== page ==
Squeezing the most out of life | An Aussie and a Colombian living life with a wandering spirit. Eight years together & over 60 countries up our sleeves, we're sharing the love |

Getting a feel for the Amazon

Five years ago I took a couple of months out to do a whirlwind trip to South America. Mainly I had dreamed of seeing the animals on Galapagos Islands and hiking in the high altitude mountains of the Andes. This is the continuation and retelling of that journey. Kris

Leaving the city hustle of Quito behind with my new group, we took an all day bus ride to get to the Amazon in the East of Ecuadour; travelling over high mountain passes and back down in to the steamy jungle. Our cloud covered journey was punctuated by a visit to the hot springs – just what I needed after the previous days of hard volcano hiking.

Then the road got bumpy and rough, as we travelled along some very high, very scary, dirt tracks. The kind of South American roads that instill fear in to many a traveller. I tried not to notice the precarious dark tunnels and landslides until we were forced to jump bus and walk around a completely demolished stretch of road. The mountain views were worth it though, with misty clouds hugging the deep blue mountains. It’s the rainy season after all, so with the extra dangerous roads comes lush green landscapes.

We drove through villages of straw huts, bustling markets and waving children as we got to the middle jungle. It’s always good to be reminded of how simply so many people live and how indulgent our lives our.

We arrived just before sunset at a river tributary of the Amazon river. Into wooden canoes we hopped, cruising down the cool river as the light changed to night. Our lodge without electricity was alight with candles but surprisingly luxurious. Rustic style buildings, wooden furniture and carved animal figure chairs; perfectly natural and earthy with the dense jungle filling every space around it.

We spent our evenings sitting around the fire, listening to the heavy rain and the noises calling out from the green spaces. You can hear so much more in the still of night – everything comes alive – screeching birds, monkeys and the raging rainy season river nearby.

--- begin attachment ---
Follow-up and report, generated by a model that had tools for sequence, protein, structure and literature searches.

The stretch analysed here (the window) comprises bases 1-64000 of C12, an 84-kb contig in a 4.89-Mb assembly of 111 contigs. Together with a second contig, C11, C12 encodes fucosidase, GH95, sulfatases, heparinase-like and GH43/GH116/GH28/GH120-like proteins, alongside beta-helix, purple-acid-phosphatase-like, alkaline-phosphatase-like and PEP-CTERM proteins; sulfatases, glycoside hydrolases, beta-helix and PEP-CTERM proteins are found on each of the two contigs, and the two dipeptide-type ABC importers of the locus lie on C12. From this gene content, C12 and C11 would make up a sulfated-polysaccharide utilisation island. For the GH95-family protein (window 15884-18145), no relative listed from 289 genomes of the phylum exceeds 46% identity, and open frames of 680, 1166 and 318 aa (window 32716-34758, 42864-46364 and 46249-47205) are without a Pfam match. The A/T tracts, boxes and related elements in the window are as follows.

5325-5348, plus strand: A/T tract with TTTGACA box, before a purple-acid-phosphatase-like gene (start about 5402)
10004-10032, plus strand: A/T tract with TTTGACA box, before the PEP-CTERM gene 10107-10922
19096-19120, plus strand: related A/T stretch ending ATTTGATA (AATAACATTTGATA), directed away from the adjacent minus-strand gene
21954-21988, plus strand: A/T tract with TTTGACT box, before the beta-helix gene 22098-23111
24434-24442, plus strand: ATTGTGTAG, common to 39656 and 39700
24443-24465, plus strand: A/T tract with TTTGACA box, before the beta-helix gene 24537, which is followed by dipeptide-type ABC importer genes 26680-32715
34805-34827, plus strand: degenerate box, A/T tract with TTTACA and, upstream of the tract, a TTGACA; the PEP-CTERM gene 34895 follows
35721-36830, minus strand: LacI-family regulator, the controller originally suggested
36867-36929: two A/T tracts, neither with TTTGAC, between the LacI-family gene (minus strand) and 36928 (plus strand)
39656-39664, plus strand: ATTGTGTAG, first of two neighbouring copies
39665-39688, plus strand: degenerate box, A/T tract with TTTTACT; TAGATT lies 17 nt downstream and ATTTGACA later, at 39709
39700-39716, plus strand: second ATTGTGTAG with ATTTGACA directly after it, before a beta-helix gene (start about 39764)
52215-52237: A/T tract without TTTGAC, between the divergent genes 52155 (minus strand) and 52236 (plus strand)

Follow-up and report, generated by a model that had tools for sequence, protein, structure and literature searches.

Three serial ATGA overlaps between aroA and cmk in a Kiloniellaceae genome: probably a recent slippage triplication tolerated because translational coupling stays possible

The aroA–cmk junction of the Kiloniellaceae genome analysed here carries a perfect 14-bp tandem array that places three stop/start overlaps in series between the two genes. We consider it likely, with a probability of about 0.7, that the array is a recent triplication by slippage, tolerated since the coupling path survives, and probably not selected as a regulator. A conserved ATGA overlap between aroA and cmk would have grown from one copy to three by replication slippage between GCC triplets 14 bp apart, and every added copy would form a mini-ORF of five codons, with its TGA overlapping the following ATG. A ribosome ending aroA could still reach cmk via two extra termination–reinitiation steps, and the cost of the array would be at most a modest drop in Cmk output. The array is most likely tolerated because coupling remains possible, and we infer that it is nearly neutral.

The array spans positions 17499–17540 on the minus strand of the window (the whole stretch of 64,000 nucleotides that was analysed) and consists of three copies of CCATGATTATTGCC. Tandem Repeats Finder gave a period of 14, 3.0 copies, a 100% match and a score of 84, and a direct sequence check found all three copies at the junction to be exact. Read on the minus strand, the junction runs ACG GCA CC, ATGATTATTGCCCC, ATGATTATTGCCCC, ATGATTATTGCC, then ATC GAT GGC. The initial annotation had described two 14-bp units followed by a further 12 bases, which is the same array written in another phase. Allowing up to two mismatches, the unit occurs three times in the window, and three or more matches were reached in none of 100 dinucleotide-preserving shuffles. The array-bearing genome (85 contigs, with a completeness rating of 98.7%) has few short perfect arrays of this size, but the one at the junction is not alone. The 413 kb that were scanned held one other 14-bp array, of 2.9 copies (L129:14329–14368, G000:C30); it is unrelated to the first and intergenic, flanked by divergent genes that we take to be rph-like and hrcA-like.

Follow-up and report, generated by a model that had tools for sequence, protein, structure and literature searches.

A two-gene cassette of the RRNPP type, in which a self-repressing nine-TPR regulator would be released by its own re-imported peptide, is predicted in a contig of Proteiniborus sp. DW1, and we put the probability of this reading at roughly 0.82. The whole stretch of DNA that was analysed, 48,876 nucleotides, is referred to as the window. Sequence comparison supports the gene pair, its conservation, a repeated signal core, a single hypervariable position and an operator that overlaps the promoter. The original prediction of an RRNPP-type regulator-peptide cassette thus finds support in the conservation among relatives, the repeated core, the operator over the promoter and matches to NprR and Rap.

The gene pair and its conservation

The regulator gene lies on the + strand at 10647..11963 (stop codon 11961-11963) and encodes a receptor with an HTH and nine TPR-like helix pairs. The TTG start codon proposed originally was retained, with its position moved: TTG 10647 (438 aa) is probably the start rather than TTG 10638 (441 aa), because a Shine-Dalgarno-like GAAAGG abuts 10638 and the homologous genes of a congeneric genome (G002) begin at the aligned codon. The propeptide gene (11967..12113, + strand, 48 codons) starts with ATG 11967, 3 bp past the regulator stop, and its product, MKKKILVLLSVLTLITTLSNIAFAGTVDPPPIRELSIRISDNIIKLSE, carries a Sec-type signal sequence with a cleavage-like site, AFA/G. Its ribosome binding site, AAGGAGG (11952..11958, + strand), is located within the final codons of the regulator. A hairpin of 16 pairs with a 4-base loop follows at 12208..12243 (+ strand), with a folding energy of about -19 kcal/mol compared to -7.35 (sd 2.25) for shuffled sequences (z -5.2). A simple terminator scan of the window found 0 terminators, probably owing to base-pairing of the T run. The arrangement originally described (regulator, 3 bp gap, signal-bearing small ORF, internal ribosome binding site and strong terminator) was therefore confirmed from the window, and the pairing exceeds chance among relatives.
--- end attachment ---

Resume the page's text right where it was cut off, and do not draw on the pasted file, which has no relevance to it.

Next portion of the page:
Part of our stay was a jungle hike through the muddy lushness, complete with very intense greens, flowering plants and weird palms that even walk towards the sunlight. We visited a rehabilitation place that was caring for animals that have been injured or smuggled in terrible conditions and later rescued. It’s very inspiring to see the work being done to save some rare species. Beautiful animals such as giant guinea pigs, ocelots, spider monkeys, Macau birds, toucans and jungle cats.

My favourite Amazon experience had to be chilling out in rubber inner tubes as we floated along the river. A boat took us upstream over some small rapids and we spent an amazing two hours floating back to the lodge. Drifting and looking at the jungle from a whole new perspective as the landscape moved past.

Reluctantly leaving the jungle behind we travelled further South to Banos, a cool little town surrounded by mountains and an active volcano dominating the landscape. I had my first BIG experience of Spanish nightlife at a weird little disco place in the main square. We all went out for a groove and the music was an odd mix of English tunes, like a bit of Reggae and Eighties combined with Spanish Salsa. It was hard for most of us to ignore the $3 margaritas and we all got really into it – dancing in hiking clothes is definitely not attractive though. Fueled by some alcoholic false confidence, by the end of the night we all thought we could Salsa with the locals. Funny times.

I’m absolutely loving the life and energy of this country – with Peru and Bolivia up next!


Little did I know that five years later I would be back to the landscape that so impressed me; living and working in a dense part of the Amazon, but in Andres’s home of Colombia.

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